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Artists ask MoMA to remove Philip Johnson's name, citing racist views
The Philip Johnson Glass House in New Canaan, Conn., April 15, 2016. A group of more than 30 prominent artists, architects and academics are casting a light on the more unsavory part of Johnson’s legacy, demanding in a letter published online on Nov. 27, 2020, that institutions such as the Museum of Modern Art and the Harvard Graduate School of Design remove the name of the architect, who died in 2005, from their spaces. Jane Beiles/The New York Times.

by Sarah Bahr



NEW YORK (NYT NEWS SERVICE).- Philip Johnson was one of the most influential architects of the past century, chameleonic in each of his roles as a New York power broker, art collector and creator of his “Glass House,” a celebrated landmark of modernist design in Connecticut.

He also championed racist and white supremacist viewpoints in his younger years. Johnson’s Nazi sympathies, for example, have been well documented, and he spent the years after World War II trying to distance himself from them.

Now a group of more than 30 prominent artists, architects and academics are casting a light on the more unsavory part of Johnson’s legacy, demanding in a letter published online Nov. 27 that institutions such as the Museum of Modern Art and the Harvard Graduate School of Design remove the name of the architect, who died in 2005, from their spaces.

“There is a role for Johnson’s architectural work in archives and historic preservation,” the Johnson Study Group, a largely anonymous group of designers and architects, wrote in the letter. “However, naming titles and spaces inevitably suggests that the honoree is a model for curators, administrators, students and others who participate in these institutions.”

The letter was signed by contemporary artist Xaviera Simmons; the landscape architect and MacArthur fellow Kate Orff; and V. Mitch McEwen, an assistant professor of architecture at Princeton University, who is among eight of the 10 architects in an upcoming exhibition at MoMA — “Reconstructions: Architecture and Blackness in America” — that is slated to open Feb. 20.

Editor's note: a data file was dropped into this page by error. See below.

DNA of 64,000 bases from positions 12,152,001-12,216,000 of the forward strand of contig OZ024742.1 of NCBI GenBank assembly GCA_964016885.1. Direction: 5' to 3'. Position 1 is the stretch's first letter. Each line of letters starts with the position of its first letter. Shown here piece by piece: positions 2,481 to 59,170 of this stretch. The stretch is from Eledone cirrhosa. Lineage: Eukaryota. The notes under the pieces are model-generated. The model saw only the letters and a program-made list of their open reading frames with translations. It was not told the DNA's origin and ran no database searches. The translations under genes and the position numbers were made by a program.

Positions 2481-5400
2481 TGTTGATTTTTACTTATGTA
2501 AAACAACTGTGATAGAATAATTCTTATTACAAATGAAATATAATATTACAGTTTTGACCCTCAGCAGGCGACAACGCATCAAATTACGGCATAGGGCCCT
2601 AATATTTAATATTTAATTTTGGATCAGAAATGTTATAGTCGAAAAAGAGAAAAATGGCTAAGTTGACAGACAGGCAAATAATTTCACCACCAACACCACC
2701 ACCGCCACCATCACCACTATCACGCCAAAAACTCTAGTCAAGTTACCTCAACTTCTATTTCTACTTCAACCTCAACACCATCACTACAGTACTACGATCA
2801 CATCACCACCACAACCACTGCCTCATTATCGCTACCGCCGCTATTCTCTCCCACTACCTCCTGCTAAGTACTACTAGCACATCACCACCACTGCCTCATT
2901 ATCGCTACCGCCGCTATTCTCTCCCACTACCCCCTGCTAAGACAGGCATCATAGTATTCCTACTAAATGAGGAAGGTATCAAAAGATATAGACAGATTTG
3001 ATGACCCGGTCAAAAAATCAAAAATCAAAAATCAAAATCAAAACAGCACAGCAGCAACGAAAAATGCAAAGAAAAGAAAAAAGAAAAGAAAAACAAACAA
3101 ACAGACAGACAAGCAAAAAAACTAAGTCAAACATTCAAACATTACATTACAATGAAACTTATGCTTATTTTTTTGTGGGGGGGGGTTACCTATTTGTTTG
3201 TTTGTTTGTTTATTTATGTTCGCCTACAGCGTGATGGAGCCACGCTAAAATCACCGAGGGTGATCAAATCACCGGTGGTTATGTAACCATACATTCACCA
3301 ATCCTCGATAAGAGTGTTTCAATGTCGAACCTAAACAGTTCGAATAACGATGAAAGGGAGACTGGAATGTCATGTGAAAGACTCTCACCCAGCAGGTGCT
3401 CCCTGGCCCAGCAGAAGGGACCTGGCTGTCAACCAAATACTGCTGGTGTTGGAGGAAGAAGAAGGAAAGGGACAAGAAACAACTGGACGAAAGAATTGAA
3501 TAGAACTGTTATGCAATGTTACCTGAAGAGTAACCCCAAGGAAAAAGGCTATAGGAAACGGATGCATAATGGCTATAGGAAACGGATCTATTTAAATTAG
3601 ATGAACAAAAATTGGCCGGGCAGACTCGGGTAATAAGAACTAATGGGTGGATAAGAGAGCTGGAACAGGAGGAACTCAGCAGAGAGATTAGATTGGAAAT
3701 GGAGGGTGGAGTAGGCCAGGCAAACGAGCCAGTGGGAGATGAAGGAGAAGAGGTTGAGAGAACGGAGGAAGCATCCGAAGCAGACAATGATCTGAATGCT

It cites Johnson’s “widely documented” advocacy for white supremacist views, his attempt to found a fascist party in Louisiana, and failure to include work by a single Black artist or designer in MoMA’s collection during his tenure there. (He served in various roles over six decades.) The letter called on any institutions using his name to remove it.

“He not only acquiesced in but added to the persistent practice of racism in the field of architecture,” the letter said, “a legacy that continues to do harm today.”

Johnson’s name has been on one of the exhibition galleries at the Museum of Modern Art, where he served as its first head of architecture and design, since 1984. His name is also included in the title of the museum’s chief curator of architecture and design.

Johnson created buildings that are widely considered architectural masterpieces of the 20th century, among them the MoMA sculpture garden and the pavilion that houses pre-Columbian art at the Dumbarton Oaks estate in Washington. New York Times critic Paul Goldberger praised him as American architecture’s “godfather, gadfly, scholar, patron, critic, curator, and cheerleader” in his obituary.

But in his younger years, he openly admired Hitler’s manifesto, “Mein Kampf,” attended Nazi rallies in Germany and was investigated by the FBI for his connections to the Nazi party. He rejected Nazism after the end of World War II.

Representatives from MoMA and Harvard did not immediately respond to requests for comment on Thursday.

Orff, the landscape architect and MacArthur fellow, said in an email Thursday that removing Johnson’s name from the gallery and the curator position would represent a significant step in dismantling racism in design culture.

“Landscape architecture is catching up in its assessment of its own legacy,” Orff said. “To move forward with a more imaginative, just, and equitable culture in the design fields, we have to reckon with past figures who set the ground rules.”

© 2020 The New York Times Company










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